Michael Phelps's Next Shark Race Better Involve Seal Blood And An Actual Shark

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Have you heard the news? Michael Phelps raced a Great White shark to kick off Discovery Channel’s annual “Shark Week” in style. Phelps vs. Shark: Great Gold vs. Great White aired Sunday night after months of anticipation, and it settled the question that I guess someone maybe thought of at some point: Could the greatest living male human swimmer defeat an aquatic marvel honed by centuries of evolution to barrel through the ocean and gnash on seals at high speeds?

We’ll never know, because the only thing Phelps raced was a computer simulation of a Great White shark. He admitted in interviews leading up to the broadcast that he did not get in the water with a shark and then race it, which would have been insanely dangerous, and the show told viewers that the blocky simulated shark was in fact not a fins-and-blood shark. Still, the “race,” complete with starting gun and dramatic music, was treated as if it was actually happening and it made for some embarrassing television.

“At the 25-meter mark, the Great White accelerates and takes the lead for the first time.” No shit, that’s what you programmed it to do. This is a spruced-up version of one of those videos they play between innings in baseball stadiums where three helmets race and one section gets free pizza if their helmet wins, only with a fake shark and a few dudes playing the whole affair way too straight. At least make it goofy, since, you know, you’re having a guy pretend to race a shark.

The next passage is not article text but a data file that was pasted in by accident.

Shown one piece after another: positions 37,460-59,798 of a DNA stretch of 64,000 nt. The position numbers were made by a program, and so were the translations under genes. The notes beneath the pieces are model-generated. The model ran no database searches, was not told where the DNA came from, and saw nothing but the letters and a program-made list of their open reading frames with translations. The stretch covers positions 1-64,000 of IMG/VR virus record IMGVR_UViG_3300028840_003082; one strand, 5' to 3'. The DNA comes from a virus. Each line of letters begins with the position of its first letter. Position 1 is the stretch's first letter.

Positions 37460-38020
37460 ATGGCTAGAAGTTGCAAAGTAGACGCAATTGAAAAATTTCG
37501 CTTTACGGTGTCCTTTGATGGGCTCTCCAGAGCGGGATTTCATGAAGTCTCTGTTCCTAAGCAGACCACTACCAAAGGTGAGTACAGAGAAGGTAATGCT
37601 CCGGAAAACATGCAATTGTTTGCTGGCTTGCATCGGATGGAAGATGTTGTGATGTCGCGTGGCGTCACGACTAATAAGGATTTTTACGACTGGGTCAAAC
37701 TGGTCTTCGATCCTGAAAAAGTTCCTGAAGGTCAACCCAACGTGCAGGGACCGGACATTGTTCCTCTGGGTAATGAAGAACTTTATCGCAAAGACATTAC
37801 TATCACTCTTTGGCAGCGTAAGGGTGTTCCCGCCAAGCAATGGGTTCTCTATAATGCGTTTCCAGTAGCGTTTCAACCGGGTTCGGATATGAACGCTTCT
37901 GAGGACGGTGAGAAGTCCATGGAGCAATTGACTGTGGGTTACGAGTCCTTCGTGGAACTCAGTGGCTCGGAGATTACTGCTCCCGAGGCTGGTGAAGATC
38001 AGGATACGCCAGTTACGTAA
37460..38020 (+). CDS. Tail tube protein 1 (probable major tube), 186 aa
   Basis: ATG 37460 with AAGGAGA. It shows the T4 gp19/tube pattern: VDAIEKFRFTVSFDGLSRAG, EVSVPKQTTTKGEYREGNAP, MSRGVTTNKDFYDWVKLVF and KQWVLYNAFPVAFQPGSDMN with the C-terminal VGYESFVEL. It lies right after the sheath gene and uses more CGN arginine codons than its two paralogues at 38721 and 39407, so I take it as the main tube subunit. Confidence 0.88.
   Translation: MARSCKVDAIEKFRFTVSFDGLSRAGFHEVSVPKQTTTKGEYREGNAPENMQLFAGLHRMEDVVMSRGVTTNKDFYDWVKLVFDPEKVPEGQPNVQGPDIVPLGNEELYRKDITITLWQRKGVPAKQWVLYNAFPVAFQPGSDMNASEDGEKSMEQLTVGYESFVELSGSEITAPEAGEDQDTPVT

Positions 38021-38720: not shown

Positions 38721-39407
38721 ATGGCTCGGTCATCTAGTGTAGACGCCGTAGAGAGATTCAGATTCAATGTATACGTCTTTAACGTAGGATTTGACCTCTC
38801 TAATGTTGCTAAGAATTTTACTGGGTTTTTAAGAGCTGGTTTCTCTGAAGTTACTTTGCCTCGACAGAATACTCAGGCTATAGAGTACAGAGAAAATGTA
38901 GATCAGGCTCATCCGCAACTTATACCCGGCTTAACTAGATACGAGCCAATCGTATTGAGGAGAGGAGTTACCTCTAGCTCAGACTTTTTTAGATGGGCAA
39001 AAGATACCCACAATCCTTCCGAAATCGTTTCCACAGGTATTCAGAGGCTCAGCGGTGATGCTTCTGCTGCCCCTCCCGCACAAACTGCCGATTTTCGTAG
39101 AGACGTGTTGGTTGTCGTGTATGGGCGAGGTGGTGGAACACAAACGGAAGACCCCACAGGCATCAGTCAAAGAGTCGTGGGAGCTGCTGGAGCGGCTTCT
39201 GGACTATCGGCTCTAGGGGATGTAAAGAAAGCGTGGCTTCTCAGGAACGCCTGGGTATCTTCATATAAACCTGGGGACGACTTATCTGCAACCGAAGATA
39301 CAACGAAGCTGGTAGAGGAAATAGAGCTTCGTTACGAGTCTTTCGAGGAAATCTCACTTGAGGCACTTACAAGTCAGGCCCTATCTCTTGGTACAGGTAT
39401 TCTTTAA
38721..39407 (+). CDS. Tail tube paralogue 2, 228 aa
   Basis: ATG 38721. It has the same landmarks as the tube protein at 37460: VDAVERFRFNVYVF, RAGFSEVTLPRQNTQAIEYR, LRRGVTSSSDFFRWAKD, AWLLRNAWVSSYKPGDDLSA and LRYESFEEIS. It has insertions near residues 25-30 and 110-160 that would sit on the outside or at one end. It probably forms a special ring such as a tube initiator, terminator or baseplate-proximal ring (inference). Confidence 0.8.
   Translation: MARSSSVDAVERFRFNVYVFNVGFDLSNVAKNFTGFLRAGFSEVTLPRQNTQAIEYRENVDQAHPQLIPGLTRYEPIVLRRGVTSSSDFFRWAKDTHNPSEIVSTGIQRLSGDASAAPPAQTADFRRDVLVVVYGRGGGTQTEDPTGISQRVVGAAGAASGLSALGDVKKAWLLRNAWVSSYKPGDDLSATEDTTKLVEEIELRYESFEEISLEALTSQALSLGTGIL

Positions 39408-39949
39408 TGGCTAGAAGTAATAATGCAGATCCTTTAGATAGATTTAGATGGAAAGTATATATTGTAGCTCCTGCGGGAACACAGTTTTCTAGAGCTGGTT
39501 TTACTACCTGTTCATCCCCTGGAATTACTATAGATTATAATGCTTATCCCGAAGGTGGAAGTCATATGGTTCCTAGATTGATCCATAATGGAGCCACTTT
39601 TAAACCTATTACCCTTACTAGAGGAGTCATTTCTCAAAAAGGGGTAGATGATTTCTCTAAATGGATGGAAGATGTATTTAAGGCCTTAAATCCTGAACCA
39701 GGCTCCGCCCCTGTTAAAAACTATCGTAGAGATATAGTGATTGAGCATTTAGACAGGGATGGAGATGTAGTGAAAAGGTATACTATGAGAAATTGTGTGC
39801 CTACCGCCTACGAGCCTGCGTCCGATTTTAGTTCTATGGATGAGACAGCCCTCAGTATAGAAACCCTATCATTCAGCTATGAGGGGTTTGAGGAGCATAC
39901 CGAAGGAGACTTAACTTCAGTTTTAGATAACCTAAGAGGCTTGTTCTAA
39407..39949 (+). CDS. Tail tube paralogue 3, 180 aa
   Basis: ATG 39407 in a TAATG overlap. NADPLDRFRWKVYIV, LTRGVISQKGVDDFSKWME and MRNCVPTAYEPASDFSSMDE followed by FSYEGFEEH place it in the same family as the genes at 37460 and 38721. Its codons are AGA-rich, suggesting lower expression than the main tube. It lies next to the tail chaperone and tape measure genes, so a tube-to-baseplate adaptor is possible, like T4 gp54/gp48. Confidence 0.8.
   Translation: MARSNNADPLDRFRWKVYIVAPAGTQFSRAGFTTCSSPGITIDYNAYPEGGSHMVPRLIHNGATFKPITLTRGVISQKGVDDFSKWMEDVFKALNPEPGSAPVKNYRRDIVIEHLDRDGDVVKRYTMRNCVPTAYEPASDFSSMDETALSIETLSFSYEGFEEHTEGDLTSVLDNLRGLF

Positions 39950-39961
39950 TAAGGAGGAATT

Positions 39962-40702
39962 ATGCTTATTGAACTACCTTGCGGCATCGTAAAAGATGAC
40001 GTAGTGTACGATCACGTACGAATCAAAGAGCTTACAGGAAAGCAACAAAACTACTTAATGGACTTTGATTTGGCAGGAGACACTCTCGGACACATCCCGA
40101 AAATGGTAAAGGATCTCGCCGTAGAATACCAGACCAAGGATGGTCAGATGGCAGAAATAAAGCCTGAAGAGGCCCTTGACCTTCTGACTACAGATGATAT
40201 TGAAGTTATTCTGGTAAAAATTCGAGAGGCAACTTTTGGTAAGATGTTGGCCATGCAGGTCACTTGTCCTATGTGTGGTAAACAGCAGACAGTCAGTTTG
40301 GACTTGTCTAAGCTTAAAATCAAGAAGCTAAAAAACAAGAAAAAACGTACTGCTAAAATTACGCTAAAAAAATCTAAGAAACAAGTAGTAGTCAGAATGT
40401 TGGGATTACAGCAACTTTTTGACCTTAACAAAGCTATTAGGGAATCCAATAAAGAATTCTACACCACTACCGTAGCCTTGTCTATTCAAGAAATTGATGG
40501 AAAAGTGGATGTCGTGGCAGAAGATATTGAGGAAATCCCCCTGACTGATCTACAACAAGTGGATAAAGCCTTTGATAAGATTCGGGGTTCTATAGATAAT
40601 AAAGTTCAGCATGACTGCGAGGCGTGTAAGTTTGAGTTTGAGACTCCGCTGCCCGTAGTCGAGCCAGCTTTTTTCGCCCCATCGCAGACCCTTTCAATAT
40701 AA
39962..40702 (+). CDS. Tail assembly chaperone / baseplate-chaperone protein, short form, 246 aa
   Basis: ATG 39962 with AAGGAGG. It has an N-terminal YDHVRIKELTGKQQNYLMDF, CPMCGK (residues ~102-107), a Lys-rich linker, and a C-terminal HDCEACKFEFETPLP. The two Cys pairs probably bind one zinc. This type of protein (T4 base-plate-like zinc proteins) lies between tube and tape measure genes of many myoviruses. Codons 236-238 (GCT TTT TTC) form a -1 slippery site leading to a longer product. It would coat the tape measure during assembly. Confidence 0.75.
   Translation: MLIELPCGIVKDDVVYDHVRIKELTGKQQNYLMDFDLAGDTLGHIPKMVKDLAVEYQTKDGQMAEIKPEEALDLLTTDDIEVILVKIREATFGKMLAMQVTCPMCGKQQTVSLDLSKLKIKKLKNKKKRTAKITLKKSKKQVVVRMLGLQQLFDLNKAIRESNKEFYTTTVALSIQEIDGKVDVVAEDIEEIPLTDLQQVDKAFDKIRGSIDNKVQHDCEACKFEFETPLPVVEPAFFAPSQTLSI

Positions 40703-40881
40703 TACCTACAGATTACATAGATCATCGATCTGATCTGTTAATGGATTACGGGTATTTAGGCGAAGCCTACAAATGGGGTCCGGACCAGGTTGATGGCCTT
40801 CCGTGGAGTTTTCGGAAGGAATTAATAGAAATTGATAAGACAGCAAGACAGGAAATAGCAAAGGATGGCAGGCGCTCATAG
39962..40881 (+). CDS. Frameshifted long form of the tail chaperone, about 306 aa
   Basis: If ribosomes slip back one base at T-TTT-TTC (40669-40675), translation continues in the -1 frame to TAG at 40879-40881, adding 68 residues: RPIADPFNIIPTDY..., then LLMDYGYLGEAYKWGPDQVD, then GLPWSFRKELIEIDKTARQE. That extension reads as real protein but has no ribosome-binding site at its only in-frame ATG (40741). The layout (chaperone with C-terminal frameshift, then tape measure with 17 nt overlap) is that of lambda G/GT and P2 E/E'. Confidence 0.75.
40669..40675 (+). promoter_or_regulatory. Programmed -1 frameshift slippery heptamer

The producers decided to keep things dramatic until the end, when the “shark” “surged ahead of” Phelps and “won” “the race.” As a post-swim Phelps eagerly told cameras after he had just finished not racing a shark, “You really see the speed that the animal has, how many different gears they can switch into when they really need to.” No you don’t.

The shark never deviates from a straight line or takes a lunge at Phelps, which, in an actual race against an actual shark, would be the only things that could make it a close finish. This may be putting too much thinking into what is a false spectacle, but the interesting thing about a human racing a shark is them avoiding or not avoiding the hundreds of obsidian-sharp teeth in a shark’s grill, not who has better straight-line speed. Why not just have CGI peak Michael Phelps race against CGI peak Mark Spitz or something?


Phelps hosted an hour-long rambling Facebook Live this morning, saying “I had fun racing a shark” (which he didn’t do) and insisting it was not his fault if viewers were hoodwinked into thinking he was racing a shark (perhaps by Discovery blurbs that promised “The Great White Shark meets the Greatest of All Time.”)

“You can believe whatever you want. Everything was either presented on-air during multiple interviews that I did throughout Shark Week or the beginning of the show,” he said, getting snippy in response to another comment. “Sorry you feel that way. For me, this is something I’ve always wanted to do and I was honored to be able to do it. I’m sorry that you feel that way, I feel very different.


Some people just decide not to listen to some of the things we do and that’s not my fault that you don’t do that. It’s pretty easy to open up your ears and listen to either what TV is saying, what announcers are saying or what I’m saying in interviews.”


Here is my super cool proposal for the Discovery Channel: Have Phelps race a live shark, just give him a head start and put some sort of safe haven on the other end. Account for high-end shark speed and assume Phelps will have a bad day, thus ensuring that he probably won’t get eaten if he swims at a decent pace even if the shark goes hog wild and heads straight to dine on Phelps’s world-class muscles. Put them in separate lanes if lawyers object. Cover him in seal blood if this sounds too tame, and there you have the makings of a worthy spectacle.